Justice Karki recuses himself from House dissolution case


Supreme Court Justice Hari Krishna Karki recused himself from the House of Representatives dissolution case being heard by the five-member constitutional bench led by Chief Justice Cholendra Shumsher JB Rana.

Justice Karki recused himself from the case after two of the petitioners — Senior Advocate Dinesh Tripathi and Senior Advocate Shambhu Thapa — pointed out conflict of interest for Justice Karki in the case.

Tripathi argued that since Karki was appointed attorney general by KP Sharma Oli in October 2015 when he was the prime minister for the first time, Karki should not be on the constitutional bench to hear the House of Representatives dissolution case in which Oli is one of the defendants.

Tripathi said Karki’s presence on the bench would erode the bench’s credibility and its verdict would be shrouded in controversy. He said since there were 14 justices in the roster for the constitutional bench, another justice could easily replace Karki if he recused himself from the case.

Thapa argued that since Karki and Attorney General Agni Prasad Kharel, who is defending the PM’s decision to dissolve the HoR, were once partners in a law firm, conflict of interest for Karki was apparent.

He said he wasn’t questioning Karki’s professionalism, but if he sat on the bench people would question the verdict.

After hearing arguments of the lawyers, justices went to their chambers and consulted briefly.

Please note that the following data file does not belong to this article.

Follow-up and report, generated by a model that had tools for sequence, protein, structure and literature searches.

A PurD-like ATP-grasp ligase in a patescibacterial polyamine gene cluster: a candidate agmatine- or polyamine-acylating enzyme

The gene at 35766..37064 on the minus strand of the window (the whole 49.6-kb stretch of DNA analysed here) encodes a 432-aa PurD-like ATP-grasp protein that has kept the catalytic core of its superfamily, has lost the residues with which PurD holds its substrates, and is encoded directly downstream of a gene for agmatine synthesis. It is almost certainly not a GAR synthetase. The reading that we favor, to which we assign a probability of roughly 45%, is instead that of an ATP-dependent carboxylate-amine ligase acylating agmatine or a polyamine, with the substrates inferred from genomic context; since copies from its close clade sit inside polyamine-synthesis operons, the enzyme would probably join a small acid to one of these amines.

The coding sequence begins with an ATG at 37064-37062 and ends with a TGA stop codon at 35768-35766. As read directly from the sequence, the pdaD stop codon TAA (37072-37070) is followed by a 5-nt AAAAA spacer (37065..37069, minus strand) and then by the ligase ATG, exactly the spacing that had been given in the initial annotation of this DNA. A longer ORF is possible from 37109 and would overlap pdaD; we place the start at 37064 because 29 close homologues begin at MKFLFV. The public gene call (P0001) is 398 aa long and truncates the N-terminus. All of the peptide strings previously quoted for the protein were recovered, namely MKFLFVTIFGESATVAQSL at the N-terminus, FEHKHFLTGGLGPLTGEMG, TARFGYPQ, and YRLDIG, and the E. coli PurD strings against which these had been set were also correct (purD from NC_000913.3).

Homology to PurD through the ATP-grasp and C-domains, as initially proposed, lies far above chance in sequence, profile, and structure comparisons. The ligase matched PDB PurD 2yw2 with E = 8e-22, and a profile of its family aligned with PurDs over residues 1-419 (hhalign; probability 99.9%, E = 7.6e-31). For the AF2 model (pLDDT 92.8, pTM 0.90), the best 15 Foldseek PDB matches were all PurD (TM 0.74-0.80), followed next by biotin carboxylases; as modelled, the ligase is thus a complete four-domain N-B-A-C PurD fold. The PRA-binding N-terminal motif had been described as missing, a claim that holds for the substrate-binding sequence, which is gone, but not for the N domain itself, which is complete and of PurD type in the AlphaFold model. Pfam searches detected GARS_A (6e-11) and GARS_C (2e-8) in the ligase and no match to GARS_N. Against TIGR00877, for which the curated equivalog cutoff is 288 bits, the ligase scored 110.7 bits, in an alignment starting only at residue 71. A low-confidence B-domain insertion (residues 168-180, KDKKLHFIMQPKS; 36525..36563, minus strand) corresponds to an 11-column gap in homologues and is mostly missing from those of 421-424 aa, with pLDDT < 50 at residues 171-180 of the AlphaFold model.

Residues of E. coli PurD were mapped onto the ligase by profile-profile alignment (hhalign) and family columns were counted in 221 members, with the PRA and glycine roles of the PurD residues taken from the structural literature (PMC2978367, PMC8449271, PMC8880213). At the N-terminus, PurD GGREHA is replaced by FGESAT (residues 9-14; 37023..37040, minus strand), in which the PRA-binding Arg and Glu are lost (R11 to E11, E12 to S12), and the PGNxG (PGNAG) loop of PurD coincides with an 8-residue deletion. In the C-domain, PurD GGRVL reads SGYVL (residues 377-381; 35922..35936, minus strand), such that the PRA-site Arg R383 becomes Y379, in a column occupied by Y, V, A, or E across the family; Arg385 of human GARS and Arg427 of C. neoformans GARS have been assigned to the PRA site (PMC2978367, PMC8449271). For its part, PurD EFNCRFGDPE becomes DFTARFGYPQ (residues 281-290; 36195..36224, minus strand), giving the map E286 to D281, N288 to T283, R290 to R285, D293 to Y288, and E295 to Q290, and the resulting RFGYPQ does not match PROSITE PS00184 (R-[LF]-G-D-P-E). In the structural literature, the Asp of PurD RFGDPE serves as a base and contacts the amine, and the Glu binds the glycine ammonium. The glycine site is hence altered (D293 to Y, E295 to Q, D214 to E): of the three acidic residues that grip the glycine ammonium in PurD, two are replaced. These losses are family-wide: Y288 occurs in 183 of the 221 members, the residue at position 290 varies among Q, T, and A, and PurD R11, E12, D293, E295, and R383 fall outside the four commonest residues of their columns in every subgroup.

Karki then announced that he was recusing himself from the case, as a ‘question of conflict of interest was raised by the petitioners’ lawyers’.

Thapa, Raman Kumar Shrestha, Krishna Prasad Bhandari, and Mukti Narayan Pradhan, who appeared on behalf of the petitioners, demanded that the HoR dissolution case should be heard by a grand full bench, not just the five-member constitutional bench.

Petitioner Lokendra Oli said all the 13 petitioners had yesterday submitted a petition at the Supreme Court demanding that their case be heard by a grand full bench comprising at least 11 member justices as the House dissolution case was a an important issue.

Shrestha said he and other lawyers appearing on behalf of the petitioners would again raise the issue of forming a grand full bench to hear the HoR dissolution case.

Shrestha told THT that when the HoR was dissolved by former prime ministers Girija Prasad Koirala and Manmohan Adhikari in the 1990s, the SC had formed an 11-member grand full bench to hear the case.

Shrestha said when former prime minister Surya Bahadur Thapa recommended dissolution of the HoR on 8 January 1998, the apex court had formed a nine-member bench when the king had sought the SC’s opinion,.

Lokendra Oli told THT that all the 19 justices of the SC had heard the case related to deadline for filing or contesting cases affected by COVID-19 lockdown. “HoR dissolution case is equally important, if not more. A grand full bench must be formed to hear the HoR dissolution case,” he added. Oli said Article 128 (2) of the constitution stipulated that the SC would be the final interpreter of the constitution and constitutional bench did not represent the entire SC.

The next hearing of the case has been scheduled for January 13. The SC has listed the case for continuous hearing.